What is premature menopause?

Premature ovarian failure

Premature menopause or premature ovarian failure are generally used to describe the same condition. One of the major differences between natural menopause and premature menopause is that natural menopause usually occurs between the ages of 53 and 51.

Age is an important and key factor. Early ovarian failure occurs naturally at a younger age than natural menopause, usually in the 20s, 30s or 40s. Premature menopause to describe menopause before the age of 45 and POI usually occurs when the age is less than 40 years.

A simple definition of POI is that at 45 years of age and older, the ovaries are not working properly. The ovaries stop or reduce egg production. The ovaries are also unable to produce the hormones estrogen and progesterone, which help women’s health.

But POF, which occurs at a young age, is different from menopause, which occurs at the age of 52. In POF, however, ovarian function does not stop completely. This means that the function of the ovaries fluctuates over time.

Factors causing POF:

POF occurs for several reasons. A type of POF called self-POF is called idiopathic. Some of the causes of this disease are:

Autoimmune disease:

Autoimmune disorders are conditions in which the body’s immune system can attack the body’s own tissues. If the attack is on the ovaries, it can lead to POF. It is estimated that about 5% of women develop POF due to autoimmune disease. POF is also associated with other autoimmune disorders such as hypothyroidism, type 1 diabetes and Addison’s disease.

Genetic causes:

Genetic disorders due to the lack of x chromosome (turner syndrome) are the main causes of POF, which affects the function of hormones.


There have been reports of POIs after infectious diseases such as mumps, tuberculosis and malaria, which are very rare.


Surgery to remove the ovaries before the age of 40 is another form of POF. This sudden elimination of ovarian hormones often leads to the sudden onset of menopausal symptoms. Ovarian removal (with or without hysterectomy) can be due to a variety of reasons, including ovarian cancer, ovarian cysts, endometriosis, or Menstruation syndrome. We hope that this type of surgery is planned in advance so that you have the opportunity to consult with your doctor about hormone replacement options, shortly after surgery, to minimize the symptoms of menopause.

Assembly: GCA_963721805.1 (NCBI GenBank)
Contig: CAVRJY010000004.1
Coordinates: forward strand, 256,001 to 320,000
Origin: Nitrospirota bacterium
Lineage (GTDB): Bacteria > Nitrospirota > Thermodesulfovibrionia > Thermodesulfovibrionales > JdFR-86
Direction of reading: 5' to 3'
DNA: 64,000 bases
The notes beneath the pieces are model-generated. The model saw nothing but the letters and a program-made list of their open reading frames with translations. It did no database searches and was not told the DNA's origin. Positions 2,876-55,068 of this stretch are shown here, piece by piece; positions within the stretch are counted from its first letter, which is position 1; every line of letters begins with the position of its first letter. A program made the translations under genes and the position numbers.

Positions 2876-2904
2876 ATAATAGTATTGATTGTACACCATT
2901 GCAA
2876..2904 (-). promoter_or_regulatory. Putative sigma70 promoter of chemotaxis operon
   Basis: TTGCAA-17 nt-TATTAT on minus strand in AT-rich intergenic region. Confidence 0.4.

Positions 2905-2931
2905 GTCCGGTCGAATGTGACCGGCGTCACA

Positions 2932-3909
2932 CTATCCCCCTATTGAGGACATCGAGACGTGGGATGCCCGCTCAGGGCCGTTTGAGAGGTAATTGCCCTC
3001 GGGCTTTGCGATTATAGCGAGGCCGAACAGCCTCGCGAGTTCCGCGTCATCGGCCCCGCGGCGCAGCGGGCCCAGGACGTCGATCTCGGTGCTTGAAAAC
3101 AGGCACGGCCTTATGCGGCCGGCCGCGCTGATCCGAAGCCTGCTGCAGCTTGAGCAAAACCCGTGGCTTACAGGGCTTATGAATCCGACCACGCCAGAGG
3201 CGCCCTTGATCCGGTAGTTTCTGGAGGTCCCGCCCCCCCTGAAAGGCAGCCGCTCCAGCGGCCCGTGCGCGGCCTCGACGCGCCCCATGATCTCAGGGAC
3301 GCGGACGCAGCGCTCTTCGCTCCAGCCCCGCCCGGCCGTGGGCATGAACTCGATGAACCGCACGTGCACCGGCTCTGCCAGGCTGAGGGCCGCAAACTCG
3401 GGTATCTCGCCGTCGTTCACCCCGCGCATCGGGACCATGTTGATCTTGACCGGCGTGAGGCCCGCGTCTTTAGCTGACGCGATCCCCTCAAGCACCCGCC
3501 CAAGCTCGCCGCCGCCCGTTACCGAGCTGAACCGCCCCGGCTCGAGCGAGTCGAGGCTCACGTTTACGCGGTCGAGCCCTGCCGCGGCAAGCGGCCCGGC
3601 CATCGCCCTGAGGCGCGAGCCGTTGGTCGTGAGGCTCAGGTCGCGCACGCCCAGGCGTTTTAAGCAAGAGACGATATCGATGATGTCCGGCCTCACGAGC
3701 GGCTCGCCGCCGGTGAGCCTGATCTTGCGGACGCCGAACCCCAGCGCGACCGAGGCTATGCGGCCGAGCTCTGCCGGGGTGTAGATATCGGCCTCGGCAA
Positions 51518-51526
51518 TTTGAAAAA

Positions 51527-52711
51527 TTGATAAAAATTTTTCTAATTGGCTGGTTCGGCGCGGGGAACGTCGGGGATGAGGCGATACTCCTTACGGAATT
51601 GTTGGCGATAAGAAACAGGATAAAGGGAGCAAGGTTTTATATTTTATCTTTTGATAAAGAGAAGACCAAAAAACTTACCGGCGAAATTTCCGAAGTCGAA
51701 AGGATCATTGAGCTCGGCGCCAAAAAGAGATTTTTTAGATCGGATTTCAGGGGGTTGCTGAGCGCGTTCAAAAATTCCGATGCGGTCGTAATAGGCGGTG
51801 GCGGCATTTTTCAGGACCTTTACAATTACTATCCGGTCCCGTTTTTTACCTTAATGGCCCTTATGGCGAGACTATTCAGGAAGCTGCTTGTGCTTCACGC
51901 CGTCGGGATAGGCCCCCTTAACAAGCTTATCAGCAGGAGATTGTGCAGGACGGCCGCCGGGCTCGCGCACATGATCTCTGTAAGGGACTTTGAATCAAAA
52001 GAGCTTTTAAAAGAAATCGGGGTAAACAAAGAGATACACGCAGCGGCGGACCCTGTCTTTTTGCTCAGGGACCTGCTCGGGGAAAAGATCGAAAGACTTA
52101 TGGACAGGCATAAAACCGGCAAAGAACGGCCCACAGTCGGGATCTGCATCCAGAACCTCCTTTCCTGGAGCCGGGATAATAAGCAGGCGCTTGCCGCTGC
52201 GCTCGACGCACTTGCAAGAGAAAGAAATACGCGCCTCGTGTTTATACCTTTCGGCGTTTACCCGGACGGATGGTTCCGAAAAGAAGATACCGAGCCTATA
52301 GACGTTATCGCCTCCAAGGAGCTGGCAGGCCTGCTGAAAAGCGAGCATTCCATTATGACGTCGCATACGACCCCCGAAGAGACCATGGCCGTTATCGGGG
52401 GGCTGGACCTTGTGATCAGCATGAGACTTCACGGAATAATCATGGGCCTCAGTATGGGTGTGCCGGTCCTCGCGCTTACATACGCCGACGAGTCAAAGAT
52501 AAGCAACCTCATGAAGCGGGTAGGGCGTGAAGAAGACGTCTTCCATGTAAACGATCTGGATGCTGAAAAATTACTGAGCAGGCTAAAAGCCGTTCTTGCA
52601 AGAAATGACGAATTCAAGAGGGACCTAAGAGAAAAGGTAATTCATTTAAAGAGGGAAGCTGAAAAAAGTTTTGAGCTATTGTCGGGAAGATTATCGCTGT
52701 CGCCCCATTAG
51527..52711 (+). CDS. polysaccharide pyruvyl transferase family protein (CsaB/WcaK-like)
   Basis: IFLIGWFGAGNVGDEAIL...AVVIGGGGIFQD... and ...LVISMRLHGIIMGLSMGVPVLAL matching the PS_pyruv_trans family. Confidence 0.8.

cancer treatment:

Other treatments for cancer, such as chemotherapy or radiation therapy, can cause permanent or temporary damage to the ovaries. The chances of ovarian damage induced by chemotherapy depend on factors such as the type of chemotherapy drug, the duration of treatment, and the location of the radiotherapy and the patient’s age.



Estrogen is the main female sex hormone Discharge by the ovaries and is vital for the growth of eggs and the process of reproduction. This hormone plays an essential role in maintaining the health of the heart and arteries and bones in harmony with other tissues throughout the body.

Estrogen is not just a hormone, but a combination of three hormones:

Estradiol is the main and strongest part of estrogen, which plays a major role during puberty. This hormone causes the uterus to enlarge and thicken the lining of the wall (endometrium). The ovaries also send signals to the hypothalamus and pituitary gland to stimulate ovarian follicles and slow down the production of follicle-stimulating hormone (FSH). Estrogen is produced by the adrenal glands and fat cells that produce estrogen. Estradiol from Sterile and estriol. are produced by the liver.


Progesterone is a female hormone produced by the ovaries. One of its most important tasks is to help maintain the pregnancy. In the second half of the menstrual cycle, this hormone is discharge by the corpus luteum and sends a signal to the uterus to release the egg.

Follicle-stimulating hormone (FSH):

The hormone FSH is secreted by the pituitary gland to stimulate the ovaries. By secreting this hormone, the follicles begin to grow. At first, with the low secretion of these hormones, the follicles do not respond, which causes the pituitary gland to secrete more FSH.

 FSH above 30 means a diagnosis of POF, but should be repeated 4 to 6 weeks later.

LH – Luteinizing hormone

This hormone is secreted by the pituitary gland and enters the bloodstream and causes ovulation, which means that the active follicles burst and the egg is released. The follicle sac is ruptured, yellowed, and called the corpus luteum, which produces progesterone. In POI, LH levels are high but lower than FSH.


Although testosterone is known as a male hormone, it also plays a very important role in women, the most important of which are sexual health, sexual desire, bone strength and energy. About half of testosterone is produced by the ovaries and the other half by the adrenal glands. Testosterone levels gradually decrease with age, but in some cases, removal of the ovaries through surgery can result in a sudden 50% drop. Research has shown that women who have a POF, have lower testosterone levels than women of the same age.